Memorandum by the Association of Anaesthetists
of Great Britain and Ireland (AAGBI) (PS 63)
1. What the risks to patient safety are and
to what extent they are avoidable, including:
"It is not you that I don't trust, it
is your species" All human beings will continue to make
errors, so we must study and manage them. Reduction of harm to
patients, not just the elimination of error, must be the primary
Human factors are reported in 75% of aircraft
incidents, and will be similar in patient safety incidents.
A feature of errors in medicine as distinct
from errors in most other situations is that the patients involved
often have coexisting medical diseases which add extra hidden
opportunities for harm to arise.
Clinical practice can never be risk-free. Processes
should be designed to reduce patient harm.
The public should be given more credit for commonsense
and information provided for them.
2. What the current effectiveness is of bodies
in ensuring patient safety:
NPSA are working with anaesthetists to pilot
new specialty specific incident reports for anaesthesia.
Evidence from the ISTC programme shows that
safety is not their first priority.
The process in "Safety First" for
investigating incidents needs further development.
Each trust should have a patient safety budget
to spend on new initiatives each year.
Funding for Standards work should be included
in future Patient Safety spending plans.
The MHRA has been very effective with the safety
and design of anaesthetic apparatus.
NHS PASA should use its purchasing power along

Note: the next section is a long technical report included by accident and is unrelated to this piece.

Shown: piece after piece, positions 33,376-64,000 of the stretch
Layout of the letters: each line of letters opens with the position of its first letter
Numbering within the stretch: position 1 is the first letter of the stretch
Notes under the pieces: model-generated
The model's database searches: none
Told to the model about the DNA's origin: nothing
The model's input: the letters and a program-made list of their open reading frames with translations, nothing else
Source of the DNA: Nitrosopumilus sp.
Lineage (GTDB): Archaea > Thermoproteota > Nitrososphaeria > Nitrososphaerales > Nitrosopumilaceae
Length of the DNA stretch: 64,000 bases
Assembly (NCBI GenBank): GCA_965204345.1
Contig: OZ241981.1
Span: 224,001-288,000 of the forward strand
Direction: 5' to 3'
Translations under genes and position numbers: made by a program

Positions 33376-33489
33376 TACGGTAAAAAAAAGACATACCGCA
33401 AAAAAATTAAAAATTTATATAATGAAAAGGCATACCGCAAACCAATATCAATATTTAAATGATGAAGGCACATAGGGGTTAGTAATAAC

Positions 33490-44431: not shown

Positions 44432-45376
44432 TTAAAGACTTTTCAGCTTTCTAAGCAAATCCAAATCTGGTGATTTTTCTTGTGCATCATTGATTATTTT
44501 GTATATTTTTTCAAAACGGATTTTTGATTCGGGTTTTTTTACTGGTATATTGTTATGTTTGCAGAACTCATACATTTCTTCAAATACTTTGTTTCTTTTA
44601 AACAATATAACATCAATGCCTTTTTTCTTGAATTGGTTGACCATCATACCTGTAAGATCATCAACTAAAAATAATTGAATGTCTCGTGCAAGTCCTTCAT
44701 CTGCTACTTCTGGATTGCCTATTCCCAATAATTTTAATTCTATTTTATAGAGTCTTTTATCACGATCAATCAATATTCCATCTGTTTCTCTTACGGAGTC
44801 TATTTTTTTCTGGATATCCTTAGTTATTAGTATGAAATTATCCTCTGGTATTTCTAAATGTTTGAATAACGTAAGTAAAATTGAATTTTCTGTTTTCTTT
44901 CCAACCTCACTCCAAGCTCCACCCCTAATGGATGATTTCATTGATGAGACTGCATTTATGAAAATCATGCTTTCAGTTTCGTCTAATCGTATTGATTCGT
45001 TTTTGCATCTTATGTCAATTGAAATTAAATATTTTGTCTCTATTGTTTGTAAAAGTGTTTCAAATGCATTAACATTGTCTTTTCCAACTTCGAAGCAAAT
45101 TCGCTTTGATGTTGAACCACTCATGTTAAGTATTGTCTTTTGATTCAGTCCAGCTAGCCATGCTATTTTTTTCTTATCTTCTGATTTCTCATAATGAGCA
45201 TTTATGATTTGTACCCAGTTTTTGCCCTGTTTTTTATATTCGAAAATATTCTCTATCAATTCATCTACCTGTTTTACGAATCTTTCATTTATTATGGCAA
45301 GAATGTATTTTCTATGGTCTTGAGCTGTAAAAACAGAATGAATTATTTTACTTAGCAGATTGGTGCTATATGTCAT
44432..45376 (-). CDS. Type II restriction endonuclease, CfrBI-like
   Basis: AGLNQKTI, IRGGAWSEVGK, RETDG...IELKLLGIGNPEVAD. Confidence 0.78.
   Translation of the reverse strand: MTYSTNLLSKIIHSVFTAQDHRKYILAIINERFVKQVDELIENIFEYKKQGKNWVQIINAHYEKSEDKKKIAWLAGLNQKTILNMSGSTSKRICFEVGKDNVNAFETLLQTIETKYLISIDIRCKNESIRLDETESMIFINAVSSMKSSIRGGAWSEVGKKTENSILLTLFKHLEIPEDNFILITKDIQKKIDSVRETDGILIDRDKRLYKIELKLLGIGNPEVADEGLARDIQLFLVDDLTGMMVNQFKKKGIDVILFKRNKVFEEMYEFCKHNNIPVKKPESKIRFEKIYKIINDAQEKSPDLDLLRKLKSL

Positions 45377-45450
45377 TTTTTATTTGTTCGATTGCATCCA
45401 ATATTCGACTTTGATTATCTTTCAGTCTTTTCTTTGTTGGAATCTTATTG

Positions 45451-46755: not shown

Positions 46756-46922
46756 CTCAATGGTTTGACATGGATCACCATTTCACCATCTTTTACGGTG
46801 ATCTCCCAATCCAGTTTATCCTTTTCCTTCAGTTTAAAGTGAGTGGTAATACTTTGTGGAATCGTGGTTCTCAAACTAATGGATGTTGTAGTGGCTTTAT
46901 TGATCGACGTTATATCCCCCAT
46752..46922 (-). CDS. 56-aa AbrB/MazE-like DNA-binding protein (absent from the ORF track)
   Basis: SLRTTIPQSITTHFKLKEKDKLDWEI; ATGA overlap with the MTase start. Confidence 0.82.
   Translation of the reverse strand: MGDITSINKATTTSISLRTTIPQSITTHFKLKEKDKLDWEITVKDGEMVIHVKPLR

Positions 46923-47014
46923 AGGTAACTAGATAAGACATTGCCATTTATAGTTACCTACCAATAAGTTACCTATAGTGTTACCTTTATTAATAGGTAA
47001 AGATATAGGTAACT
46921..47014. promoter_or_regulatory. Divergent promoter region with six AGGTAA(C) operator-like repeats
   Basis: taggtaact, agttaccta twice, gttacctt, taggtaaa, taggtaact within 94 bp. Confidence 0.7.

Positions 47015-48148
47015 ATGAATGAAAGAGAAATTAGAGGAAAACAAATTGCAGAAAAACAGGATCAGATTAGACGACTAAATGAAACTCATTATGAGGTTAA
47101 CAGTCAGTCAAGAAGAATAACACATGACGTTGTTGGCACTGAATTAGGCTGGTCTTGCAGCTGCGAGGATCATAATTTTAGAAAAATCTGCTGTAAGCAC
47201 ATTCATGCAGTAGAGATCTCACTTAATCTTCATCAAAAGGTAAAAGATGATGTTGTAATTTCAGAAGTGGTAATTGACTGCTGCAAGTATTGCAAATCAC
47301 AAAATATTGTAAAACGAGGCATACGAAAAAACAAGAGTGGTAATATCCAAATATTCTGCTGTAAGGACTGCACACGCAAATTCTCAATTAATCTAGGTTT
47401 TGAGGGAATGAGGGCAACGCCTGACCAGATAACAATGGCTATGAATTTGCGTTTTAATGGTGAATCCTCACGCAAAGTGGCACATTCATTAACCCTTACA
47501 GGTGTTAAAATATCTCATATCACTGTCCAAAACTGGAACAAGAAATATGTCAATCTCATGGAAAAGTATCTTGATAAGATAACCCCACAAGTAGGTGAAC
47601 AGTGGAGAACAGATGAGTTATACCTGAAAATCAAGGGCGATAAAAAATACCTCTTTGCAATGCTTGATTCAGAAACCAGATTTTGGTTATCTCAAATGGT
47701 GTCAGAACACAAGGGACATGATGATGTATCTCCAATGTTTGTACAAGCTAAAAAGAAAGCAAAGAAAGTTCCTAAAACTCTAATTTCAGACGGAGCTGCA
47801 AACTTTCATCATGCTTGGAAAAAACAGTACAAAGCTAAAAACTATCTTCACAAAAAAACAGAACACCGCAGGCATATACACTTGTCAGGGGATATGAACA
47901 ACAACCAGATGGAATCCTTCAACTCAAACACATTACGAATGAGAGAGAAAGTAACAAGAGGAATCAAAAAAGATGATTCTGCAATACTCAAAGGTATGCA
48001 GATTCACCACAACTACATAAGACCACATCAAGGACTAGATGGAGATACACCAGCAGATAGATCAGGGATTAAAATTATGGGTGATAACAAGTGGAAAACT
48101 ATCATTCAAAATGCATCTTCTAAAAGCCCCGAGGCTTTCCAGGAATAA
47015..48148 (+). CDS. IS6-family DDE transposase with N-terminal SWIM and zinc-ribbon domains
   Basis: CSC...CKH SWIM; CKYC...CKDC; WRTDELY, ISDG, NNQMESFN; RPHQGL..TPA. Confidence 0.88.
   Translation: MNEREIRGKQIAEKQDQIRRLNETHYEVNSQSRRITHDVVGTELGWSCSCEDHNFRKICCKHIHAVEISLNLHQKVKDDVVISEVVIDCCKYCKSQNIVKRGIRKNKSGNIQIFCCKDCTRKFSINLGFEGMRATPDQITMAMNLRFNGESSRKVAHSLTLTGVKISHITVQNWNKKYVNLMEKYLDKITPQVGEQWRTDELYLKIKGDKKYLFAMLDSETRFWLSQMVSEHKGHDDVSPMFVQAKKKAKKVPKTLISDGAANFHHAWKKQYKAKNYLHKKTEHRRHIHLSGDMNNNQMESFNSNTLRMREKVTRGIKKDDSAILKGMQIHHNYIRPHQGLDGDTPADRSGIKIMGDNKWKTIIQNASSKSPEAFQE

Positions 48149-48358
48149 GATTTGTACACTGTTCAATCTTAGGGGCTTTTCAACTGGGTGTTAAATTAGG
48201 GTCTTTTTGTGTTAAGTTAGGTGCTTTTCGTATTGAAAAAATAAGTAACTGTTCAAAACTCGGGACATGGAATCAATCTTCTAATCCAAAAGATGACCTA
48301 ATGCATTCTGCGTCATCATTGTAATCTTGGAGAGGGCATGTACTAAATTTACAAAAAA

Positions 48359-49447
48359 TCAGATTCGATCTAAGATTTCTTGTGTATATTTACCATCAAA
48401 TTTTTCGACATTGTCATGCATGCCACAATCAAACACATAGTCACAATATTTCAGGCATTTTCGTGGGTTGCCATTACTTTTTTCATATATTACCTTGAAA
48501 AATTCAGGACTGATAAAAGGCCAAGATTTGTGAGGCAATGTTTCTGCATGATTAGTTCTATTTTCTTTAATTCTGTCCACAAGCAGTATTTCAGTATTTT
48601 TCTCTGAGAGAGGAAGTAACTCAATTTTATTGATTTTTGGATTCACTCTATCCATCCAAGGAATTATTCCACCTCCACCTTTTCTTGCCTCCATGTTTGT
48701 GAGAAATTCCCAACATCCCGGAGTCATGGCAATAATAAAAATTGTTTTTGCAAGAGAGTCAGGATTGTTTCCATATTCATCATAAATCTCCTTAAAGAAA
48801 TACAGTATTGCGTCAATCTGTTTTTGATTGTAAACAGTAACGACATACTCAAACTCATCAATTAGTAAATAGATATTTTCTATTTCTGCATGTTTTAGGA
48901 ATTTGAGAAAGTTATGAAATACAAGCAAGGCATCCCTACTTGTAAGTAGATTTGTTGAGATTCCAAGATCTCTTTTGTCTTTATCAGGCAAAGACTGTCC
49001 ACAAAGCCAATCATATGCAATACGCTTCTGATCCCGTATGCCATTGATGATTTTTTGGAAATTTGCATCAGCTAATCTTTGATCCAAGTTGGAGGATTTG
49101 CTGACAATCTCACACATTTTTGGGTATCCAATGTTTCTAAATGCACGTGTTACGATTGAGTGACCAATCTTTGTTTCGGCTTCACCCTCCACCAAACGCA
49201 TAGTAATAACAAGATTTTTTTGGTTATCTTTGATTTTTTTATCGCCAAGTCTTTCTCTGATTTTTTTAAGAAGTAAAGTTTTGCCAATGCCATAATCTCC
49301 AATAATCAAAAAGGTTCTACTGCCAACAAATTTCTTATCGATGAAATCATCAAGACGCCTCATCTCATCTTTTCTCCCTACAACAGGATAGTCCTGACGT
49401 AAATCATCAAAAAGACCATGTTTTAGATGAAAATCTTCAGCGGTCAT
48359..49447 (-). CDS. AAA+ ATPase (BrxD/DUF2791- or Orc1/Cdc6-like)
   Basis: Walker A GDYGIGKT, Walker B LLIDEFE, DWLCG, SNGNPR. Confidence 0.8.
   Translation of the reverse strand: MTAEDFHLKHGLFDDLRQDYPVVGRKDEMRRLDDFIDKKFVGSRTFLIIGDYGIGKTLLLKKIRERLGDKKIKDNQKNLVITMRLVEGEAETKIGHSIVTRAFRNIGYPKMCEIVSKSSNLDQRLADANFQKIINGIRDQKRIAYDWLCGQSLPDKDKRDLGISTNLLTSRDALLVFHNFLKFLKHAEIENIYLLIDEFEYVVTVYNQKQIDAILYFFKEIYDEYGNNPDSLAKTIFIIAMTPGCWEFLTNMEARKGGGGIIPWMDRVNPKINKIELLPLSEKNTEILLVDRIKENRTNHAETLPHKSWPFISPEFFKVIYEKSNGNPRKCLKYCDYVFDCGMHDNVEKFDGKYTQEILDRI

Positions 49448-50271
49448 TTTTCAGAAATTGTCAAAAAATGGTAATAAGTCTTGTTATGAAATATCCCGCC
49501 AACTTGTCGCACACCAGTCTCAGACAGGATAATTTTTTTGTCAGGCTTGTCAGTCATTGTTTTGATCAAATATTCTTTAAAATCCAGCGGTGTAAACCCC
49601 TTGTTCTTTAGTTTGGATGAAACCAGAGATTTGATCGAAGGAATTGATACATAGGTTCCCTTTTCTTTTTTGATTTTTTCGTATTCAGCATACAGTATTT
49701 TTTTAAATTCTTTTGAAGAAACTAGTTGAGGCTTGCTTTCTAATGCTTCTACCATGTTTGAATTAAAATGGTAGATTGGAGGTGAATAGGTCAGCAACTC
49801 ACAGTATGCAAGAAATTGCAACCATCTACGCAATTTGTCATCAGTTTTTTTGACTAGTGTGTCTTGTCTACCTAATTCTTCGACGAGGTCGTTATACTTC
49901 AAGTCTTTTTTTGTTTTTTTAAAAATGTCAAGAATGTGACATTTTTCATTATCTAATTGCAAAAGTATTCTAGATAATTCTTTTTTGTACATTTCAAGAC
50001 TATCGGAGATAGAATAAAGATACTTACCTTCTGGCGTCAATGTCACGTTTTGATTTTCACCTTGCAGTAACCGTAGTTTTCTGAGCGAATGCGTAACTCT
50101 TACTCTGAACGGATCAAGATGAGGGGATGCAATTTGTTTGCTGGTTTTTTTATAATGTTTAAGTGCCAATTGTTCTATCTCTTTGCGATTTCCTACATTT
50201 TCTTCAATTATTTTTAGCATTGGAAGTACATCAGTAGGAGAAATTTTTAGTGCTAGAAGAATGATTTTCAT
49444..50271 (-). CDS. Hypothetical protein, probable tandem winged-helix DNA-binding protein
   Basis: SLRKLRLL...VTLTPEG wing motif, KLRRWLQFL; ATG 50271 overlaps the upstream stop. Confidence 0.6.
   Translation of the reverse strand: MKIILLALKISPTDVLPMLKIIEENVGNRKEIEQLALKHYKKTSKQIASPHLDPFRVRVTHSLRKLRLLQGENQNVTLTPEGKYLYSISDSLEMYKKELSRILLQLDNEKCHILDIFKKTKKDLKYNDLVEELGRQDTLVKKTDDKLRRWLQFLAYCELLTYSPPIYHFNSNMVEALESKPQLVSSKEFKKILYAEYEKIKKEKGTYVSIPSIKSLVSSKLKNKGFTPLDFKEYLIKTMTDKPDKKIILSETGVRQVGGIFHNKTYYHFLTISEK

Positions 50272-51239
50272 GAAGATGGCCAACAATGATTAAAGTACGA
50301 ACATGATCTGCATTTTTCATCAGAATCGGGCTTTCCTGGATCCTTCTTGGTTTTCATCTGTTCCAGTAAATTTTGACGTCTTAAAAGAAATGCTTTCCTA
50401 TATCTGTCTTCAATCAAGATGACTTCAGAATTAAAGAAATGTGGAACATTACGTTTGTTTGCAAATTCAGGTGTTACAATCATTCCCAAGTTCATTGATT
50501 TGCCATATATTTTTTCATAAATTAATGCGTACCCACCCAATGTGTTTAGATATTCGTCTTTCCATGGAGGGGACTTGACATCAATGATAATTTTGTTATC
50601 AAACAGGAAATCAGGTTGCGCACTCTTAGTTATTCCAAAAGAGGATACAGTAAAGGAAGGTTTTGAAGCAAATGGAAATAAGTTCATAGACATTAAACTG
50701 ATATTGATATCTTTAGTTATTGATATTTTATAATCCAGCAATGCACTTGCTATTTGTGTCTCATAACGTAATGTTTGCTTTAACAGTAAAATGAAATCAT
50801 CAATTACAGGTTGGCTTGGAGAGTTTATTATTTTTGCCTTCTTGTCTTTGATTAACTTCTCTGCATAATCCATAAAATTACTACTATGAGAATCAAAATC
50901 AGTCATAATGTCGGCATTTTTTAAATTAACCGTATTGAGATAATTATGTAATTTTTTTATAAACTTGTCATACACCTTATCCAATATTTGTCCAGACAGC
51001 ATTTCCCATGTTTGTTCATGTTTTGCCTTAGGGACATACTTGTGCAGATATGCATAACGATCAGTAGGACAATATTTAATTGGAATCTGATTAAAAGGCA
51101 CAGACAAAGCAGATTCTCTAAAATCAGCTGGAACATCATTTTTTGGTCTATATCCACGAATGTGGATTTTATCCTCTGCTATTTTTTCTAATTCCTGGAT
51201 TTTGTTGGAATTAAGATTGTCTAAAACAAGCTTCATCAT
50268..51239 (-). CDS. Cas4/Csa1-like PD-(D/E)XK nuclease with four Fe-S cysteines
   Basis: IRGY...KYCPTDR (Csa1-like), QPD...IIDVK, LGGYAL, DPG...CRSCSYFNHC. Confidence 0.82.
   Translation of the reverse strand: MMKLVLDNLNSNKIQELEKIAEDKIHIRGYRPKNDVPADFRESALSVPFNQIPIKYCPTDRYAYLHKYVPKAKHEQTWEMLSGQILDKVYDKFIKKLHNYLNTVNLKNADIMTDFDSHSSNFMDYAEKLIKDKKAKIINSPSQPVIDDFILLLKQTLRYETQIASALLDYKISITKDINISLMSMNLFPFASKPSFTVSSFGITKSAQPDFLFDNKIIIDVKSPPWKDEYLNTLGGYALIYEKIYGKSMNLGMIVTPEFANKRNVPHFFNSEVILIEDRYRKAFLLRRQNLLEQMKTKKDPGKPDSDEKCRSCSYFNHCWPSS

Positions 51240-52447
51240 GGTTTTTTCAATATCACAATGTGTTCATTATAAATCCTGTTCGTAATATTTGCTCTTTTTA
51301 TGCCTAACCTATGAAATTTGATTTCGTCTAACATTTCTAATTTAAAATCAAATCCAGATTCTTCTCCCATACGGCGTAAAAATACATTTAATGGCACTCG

with the NPSA "Purchasing for safety" policy.
NCEPOD recommendations have produced significant
advances in patient safety.
AAGBI recommendations for minimal monitoring
standards resulted in all NHS patients having continuous monitoring
during anaesthesia. Such recommendations have clinical "buy
in" to achieve widespread implementation.
The Royal College Hospital Visiting Programme
played an important role in Patient Safety and should be reinstated.
The NHSLA does not cover all NHS patients having
operations in the independent sector. It is suggested in the new
Health Bill currently in process but the detailed wording needs
to guarantee it.
NHS Study Leave budget should be ring fenced,
inflation linked and not diverted to cover deficits as in 06-07.
3. What should the NHS do next regarding
Consider lead clinicians for Patient Safety
in Trusts and patient representatives on clinical governance committees
Audit/clinical governance meetings held with
similar groups from neighbouring hospitals are extremely valuable.
In connection with The World Health Organisation
(WHO) World Alliance for Patient Safety Global Challenge "
Safe Surgery Saves Lives" the NHS should routinely collect
the required data.
1. The AAGBI is the senior body representing
anaesthetists with 10,000 members including most of the anaesthetists
in the UK, the largest group in the hospital medical workforce
(16%). The organisation has been interested in Patient Safety
since its foundation in 1932, formally constituted a Safety committee
in 1976 and has initiated many safety developments in the specialty.
What the risks to patient safety are and to what
extent they are avoidable
2. The level of the risk has been estimated
nationally in several western countries. In the UK studies give
the percentage adverse event rate per hospital admission of around
10%. It is thought that about half of these adverse events can
Role of human error and poor clinical judgement